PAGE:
In the context of this case, the governing law of § 31-349(a) can be stated quite simply. The claimant is not to be compensated for any benefits payable or paid with respect to his pre-existing 15% permanent partial impairment, regardless of the source of such compensation. Mann v. Morrison-Knudsen/White Oak, 14 Conn. Workers’ Comp. Rev. Op. 79, 80, 1918 CRB-1-93-12 (May 12, 1995). The claimant maintains that there is no evidence in the record that he received such compensation, and that it was purely conjectural for the trier to find that the $100,000 settlement of the claimant’s personal injury suit was somehow related to his disability rating. Brief, 4. Thus, the question before this board is, did the trial commissioner permissibly conclude that the claimant received, or was entitled to receive, financial recompense for his disability as part of the settlement? Though the claimant does not discuss it in his brief, the fact that he could have received compensation for his knee injury is also relevant. As we stated in Digrazio v. CBL Trucking, 3479 CRB-8-96-11 (Feb. 18, 1998), “Whether the claimant actually received compensation on account of that permanent partial impairment . . . is immaterial under § 31-349(a); if compensation was payable for such disability, it must be considered in any subsequent award for permanent partial disability to the same body part.” Again, the term “compensation” in § 31-349(a) refers to more than just Chapter 568 benefits. It includes compensation payable from any source.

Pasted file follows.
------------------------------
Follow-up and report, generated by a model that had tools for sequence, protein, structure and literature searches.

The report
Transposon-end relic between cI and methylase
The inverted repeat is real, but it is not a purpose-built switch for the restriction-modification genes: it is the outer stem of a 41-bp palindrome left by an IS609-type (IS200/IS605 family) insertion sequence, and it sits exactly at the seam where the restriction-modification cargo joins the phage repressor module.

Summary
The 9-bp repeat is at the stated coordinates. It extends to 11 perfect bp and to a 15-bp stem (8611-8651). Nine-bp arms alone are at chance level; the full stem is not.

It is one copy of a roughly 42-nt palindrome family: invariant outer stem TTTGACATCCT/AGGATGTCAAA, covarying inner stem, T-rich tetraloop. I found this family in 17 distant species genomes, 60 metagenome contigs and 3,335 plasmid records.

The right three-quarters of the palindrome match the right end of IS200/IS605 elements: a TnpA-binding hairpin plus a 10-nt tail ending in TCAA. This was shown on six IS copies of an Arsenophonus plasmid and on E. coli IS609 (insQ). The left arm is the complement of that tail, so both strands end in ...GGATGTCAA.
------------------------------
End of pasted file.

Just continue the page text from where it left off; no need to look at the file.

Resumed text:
The trial commissioner is, of course, the factfinder in a workers’ compensation case, and he is charged with drawing inferences from the evidence and making subordinate findings of fact, from which he then draws his legal conclusions. Fair v. People’s Savings Bank, 207 Conn. 535, 539 (1988). He is the sole judge of credibility. Pallotto v. Blakeslee Prestress, Inc., 3651 CRB-3-97-7 (July 17, 1998). This board may not draw its own inferences from the evidence on review. Instead, we must leave the trial commissioner’s findings intact unless he has omitted undisputed material facts, or unless there is no evidence to support his findings. Webb v. Pfizer, Inc., 14 Conn. Workers’ Comp. Rev. Op. 69, 71, 1859 CRB-5-93-9 (May 12, 1995).